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The title of this session was “Managing Conflict”, and I think many of the course participants (myself included), came into the evening with a preconceived notion of what the session would entail. I personally was a bit apprehensive and excited to discuss this topic as I know that conflict is not something I deal with in the best way. I tend to either avoid conflict entirely when possible, which often simply exacerbates the situation, or if avoiding is just not in the cards, I tend to retreat into myself and become very uncomfortable but also unable to extricate myself from the situation.

However, I was surprised and intrigued when personal or affective conflicts were only a small part of the agenda, and that there was a much more clear focus on cognitive conflict. I hadn’t actually heard this term previously, but now I know that I have most certainly engaged in many a cognitive conflict, and always to my benefit. Cognitive conflict was explained as being a conflict of ideas or approaches in which the issues are separated from the people. Cognitive conflict is an essential characteristic of high performing groups and teams because they push each other into new realms of understanding through the challenges of differing perspectives.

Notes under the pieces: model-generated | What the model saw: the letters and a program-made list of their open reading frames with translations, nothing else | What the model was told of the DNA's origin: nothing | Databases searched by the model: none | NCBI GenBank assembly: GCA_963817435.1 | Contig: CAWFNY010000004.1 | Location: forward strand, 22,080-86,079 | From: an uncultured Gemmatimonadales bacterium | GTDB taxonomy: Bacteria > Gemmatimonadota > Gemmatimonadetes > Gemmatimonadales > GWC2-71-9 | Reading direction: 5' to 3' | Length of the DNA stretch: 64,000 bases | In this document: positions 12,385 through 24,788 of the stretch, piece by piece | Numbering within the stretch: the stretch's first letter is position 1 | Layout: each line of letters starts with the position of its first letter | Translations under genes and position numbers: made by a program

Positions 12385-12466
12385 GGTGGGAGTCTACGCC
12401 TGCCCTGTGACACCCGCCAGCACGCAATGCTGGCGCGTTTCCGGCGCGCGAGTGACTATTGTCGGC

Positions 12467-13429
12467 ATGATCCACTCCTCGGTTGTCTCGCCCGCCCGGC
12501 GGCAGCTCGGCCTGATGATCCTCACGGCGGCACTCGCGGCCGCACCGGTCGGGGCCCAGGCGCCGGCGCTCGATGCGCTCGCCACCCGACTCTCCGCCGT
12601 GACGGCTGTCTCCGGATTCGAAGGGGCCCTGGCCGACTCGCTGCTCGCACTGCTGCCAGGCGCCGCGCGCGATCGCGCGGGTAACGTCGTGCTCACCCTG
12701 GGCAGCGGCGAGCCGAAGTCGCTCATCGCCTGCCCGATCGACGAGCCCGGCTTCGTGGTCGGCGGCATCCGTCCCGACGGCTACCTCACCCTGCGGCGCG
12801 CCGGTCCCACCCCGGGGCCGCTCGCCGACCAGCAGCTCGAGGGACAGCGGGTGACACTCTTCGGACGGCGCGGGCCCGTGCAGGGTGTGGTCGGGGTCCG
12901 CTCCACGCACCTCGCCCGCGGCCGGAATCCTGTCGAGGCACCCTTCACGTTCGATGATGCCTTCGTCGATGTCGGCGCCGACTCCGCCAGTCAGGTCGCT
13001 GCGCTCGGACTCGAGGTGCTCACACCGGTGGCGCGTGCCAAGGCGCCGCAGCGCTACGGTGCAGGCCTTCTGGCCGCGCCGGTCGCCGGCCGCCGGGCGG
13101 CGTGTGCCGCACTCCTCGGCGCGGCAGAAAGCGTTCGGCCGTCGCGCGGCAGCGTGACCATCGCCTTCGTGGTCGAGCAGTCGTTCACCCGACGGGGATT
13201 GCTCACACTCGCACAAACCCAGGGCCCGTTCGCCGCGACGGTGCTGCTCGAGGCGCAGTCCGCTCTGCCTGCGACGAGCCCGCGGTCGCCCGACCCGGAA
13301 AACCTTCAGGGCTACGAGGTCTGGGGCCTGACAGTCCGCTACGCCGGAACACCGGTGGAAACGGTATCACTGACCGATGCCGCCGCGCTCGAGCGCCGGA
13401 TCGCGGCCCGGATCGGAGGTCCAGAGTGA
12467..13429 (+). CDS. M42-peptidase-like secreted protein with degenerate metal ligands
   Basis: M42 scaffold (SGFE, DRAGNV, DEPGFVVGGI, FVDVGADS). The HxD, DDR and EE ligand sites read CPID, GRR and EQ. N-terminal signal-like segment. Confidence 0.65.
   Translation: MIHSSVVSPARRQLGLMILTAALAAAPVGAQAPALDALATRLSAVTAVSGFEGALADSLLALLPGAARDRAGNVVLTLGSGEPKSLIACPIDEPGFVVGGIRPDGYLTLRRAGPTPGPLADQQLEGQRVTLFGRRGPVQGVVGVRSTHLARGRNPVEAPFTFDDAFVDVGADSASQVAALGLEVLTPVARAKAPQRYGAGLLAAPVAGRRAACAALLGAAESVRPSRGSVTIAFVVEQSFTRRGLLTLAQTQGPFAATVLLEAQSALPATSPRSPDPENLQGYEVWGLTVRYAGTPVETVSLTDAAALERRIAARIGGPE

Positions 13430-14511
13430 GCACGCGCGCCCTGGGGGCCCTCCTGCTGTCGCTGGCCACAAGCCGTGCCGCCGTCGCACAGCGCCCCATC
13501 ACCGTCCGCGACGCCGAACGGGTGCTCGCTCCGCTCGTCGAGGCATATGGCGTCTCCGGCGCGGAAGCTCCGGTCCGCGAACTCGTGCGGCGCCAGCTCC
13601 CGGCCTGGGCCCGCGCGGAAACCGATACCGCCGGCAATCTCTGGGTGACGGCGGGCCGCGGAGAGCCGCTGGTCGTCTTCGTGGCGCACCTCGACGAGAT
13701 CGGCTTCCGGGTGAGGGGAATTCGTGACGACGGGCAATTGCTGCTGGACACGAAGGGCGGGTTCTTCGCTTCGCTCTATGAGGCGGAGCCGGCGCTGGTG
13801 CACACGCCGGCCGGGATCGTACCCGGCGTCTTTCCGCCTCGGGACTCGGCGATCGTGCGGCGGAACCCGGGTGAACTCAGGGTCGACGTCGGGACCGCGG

We were also given a framework for facilitating cognitive conflict in a group or team, which I want to bring to my learning team this semester to encourage deeper thinking and to clarify the positions of team members. Moving into more facilitator roles is something I want to try as a personal leadership goal, so I definitely see the framework as being an applicable tool for me.

Finally, the next day at school, my department head asked me about the session the previous evening, and I shared with her the focus on cognitive conflict. It was a PD Day for secondary schools and we were having learning team meetings that morning. My department head encouraged me to try to push in our group with my new knowledge of cognitive conflict as we would be discussing some hot topics such as triangulation of data and using professional judgement in determining our final grades. I was reminded how wonderful my department head is and how much she encourages me to take on small leadership roles on our French Immersion Department. Maybe I’m not so terrible at managing conflict after all!